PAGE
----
Museum researchers receive $53,000 to digitize ancient Mayan collection

June 20th, 2012

GAINESVILLE, Fla. — Florida Museum of Natural History researchers recently received $53,000 to enhance the museum’s online database of Mayan artifacts.

The two-year grant from the National Endowment for the Humanities coincides with the museum’s new temporary exhibit “An Early Maya City by the Sea: Daily Life and Ritual at Cerros, Belize,” open through Oct. 7. Florida Museum curator of Latin American art and archaeology Susan Milbrath and Debra Walker, a museum courtesy assistant curator who has worked extensively in Cerros, received the grant. University of Florida anthropology graduate students Jeffrey Vadala and Lucas Martindale Johnson developed the exhibit under their direction. (more…)

Museum archaeologist receives $20,000 to analyze Swift Creek pottery

July 11th, 2011

Photos available

GAINESVILLE, Fla. — Florida Museum of Natural History researcher Neill Wallis recently received a $20,000 grant from the Wenner-Gren Foundation to analyze and digitally document pottery made by prehistoric people of the southeast U.S.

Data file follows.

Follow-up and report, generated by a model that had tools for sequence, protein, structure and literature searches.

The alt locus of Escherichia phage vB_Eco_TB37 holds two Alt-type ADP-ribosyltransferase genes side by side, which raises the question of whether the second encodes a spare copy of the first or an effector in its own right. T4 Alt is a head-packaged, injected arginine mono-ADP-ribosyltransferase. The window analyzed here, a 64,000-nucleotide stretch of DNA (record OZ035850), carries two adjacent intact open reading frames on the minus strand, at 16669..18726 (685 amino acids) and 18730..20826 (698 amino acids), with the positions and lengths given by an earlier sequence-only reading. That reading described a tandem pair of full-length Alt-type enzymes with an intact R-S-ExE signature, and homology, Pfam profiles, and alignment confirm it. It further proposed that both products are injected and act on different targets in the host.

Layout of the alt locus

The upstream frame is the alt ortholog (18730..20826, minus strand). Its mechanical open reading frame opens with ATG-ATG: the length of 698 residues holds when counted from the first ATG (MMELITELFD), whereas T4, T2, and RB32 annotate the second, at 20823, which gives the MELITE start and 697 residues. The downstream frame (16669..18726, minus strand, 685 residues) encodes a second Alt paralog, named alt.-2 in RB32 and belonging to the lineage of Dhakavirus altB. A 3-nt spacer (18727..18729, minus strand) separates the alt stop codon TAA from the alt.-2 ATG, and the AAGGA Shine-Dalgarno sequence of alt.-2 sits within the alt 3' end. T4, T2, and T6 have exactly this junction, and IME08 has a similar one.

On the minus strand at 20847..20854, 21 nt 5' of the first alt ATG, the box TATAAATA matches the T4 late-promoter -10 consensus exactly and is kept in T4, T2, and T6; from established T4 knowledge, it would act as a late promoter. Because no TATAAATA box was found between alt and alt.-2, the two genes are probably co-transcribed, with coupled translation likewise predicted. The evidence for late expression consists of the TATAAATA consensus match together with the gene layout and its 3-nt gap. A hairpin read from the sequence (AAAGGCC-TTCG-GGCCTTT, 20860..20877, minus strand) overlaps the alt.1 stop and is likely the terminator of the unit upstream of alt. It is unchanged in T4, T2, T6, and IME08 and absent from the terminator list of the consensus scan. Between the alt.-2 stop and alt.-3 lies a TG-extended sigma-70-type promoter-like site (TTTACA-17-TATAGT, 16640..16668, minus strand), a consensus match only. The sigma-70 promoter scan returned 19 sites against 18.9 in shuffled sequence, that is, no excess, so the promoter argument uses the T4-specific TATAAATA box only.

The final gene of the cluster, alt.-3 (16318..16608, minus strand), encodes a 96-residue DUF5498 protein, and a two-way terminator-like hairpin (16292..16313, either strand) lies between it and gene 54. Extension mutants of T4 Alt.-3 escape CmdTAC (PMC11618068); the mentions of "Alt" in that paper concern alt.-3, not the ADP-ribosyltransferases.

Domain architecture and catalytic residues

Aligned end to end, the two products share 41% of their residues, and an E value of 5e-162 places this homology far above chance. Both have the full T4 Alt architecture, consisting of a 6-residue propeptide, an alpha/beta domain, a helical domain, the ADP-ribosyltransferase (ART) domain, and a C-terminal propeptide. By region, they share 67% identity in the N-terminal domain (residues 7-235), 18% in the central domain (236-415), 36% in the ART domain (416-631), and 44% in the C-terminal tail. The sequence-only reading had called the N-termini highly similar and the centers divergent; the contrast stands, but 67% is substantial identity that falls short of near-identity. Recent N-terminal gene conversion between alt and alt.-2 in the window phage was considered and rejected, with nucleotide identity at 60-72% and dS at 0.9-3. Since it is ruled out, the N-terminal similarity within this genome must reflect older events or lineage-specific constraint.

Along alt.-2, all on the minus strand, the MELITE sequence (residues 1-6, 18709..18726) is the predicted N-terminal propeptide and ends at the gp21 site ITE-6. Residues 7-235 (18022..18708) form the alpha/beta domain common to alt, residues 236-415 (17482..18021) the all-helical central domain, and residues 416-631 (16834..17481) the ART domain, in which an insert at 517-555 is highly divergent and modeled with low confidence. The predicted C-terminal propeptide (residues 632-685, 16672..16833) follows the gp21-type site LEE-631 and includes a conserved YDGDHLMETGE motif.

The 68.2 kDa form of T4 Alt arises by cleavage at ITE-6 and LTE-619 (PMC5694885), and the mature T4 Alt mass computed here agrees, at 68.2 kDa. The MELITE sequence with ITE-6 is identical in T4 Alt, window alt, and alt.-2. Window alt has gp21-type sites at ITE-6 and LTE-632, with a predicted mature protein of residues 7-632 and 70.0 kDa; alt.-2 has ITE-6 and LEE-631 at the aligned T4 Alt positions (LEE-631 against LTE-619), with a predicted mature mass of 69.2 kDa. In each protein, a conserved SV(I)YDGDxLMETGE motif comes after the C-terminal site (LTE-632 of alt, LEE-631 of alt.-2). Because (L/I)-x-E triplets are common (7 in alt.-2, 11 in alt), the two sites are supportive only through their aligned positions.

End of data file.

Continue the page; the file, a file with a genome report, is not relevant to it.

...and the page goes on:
The grant will help Wallis analyze Swift Creek Complicated Stamped pottery used by hunter-gatherers of northern Florida, Georgia and eastern Alabama from A.D. 100 to 800. Methods include recording vessel shape and form, photographing designs, and conducting neutron activation and petrographic analyses and radiocarbon dating soot on the pottery. The grant will fund the neutron activation and petrographic analyses.

“This will be useful to many archaeologists working in Florida, Georgia or Alabama – there are a lot of sites that have Swift Creek pottery,” Wallis said. “It’s really going to give us a sense of how hunter-gatherers interacted with other hunter-gatherers.” (more…)

Fla. Museum receives grant for Florida wildflower and butterfly education

May 20th, 2009

GAINESVILLE, Fla. — The Florida Museum of Natural History has received a $13,872 grant to reprint the popular educational brochure, “Florida Wildflowers and Butterflies.”

The grant from the State of Florida and the Florida Wildflower Foundation Inc. is the third award the museum has received for the project.

“We have distributed 250,000 copies of the brochure across the state,” said Florida Museum Center for Informal Science Education Director Betty Dunckel. “It has been very well received and reflects the tremendous interest in learning more about our native wildflowers and butterflies.”

The museum received the grant in March and is now distributing the additional 250,000 brochures through organizations around the state. The brochure contains 100 color photographs of native wildflowers and butterflies and has a companion web site with a searchable database. (more…)

Fla. Museum receives $186,000 as part of international DNA barcoding project

December 17th, 2007

Photo available